13 December 2003 | alsolikelife
Yasujiro von Sternberg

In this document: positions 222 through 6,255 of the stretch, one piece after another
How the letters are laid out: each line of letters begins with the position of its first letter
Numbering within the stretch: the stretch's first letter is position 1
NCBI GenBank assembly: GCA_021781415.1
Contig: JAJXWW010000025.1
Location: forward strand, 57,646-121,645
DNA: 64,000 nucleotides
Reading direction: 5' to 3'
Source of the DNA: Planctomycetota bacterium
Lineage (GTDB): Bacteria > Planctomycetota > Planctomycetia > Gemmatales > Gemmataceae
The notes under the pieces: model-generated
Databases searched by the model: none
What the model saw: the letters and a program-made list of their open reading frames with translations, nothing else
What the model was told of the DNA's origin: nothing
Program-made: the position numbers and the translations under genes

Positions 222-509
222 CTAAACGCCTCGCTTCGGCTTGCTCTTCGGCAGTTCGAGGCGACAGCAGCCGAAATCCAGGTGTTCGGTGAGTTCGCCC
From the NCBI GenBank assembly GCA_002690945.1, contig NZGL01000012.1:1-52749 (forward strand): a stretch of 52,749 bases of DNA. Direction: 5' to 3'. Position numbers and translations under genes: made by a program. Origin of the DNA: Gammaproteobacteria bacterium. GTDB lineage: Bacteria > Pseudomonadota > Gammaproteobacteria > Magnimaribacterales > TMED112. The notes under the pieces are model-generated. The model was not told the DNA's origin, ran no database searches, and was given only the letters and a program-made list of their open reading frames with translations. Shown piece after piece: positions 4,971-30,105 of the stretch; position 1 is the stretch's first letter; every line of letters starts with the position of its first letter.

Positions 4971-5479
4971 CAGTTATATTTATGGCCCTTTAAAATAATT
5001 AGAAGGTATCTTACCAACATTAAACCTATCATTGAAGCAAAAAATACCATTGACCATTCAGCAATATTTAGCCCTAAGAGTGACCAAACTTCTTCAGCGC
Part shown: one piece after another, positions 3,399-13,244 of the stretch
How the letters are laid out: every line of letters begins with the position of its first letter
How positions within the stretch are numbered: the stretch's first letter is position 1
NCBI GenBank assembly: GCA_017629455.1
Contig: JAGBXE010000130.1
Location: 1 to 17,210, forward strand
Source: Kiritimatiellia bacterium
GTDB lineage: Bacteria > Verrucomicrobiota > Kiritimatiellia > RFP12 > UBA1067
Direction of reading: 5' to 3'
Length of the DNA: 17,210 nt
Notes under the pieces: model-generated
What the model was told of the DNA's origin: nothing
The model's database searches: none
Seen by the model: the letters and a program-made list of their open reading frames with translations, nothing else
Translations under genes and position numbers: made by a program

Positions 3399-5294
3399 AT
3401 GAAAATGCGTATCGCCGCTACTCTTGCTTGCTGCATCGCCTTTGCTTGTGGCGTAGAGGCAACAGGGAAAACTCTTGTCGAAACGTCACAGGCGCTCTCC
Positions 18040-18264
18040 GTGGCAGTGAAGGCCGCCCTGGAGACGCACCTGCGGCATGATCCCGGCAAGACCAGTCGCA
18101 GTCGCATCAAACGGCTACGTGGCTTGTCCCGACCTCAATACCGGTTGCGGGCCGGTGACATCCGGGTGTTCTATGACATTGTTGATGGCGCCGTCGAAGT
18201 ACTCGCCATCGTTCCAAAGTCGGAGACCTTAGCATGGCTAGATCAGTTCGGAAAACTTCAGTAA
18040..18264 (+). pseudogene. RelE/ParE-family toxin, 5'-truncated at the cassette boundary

Josef von Sternberg doesn't get as much mention as Frank Borzage or Ernst Lubitsch as an early Ozu influence, but those familiar with the dense arrangement of objects onscreen in Sternberg films may see the resemblance in both early and late Ozu films. This moody, expressionist pre-noir potboiler exhibits plenty of inspired clutter (most memorably the RCA Victor dog) and stylistic fluorishes (tracking shots, pull shots, and memorable use of shadow) as it tells the story of a gangster and his good-girl-gone-bad moll (Kinuyo Tanaka) as they experience an spiritual awakening through the good graces of an innocent girl. Redemption seems to be a recurring motif in Ozu's gangster movies (WALK CHEEFULLY, THAT NIGHT'S WIFE), and one wonders if bad guy heroes turning themselves in is a convention of the genre or indicative of Ozu's feelings about the criminal life he was assigned to depict. Whatever the case, the climax (involving the single gunshot fired in the entire existing Ozu canon) is as suspenseful and emotionally powerful as anything Ozu filmed.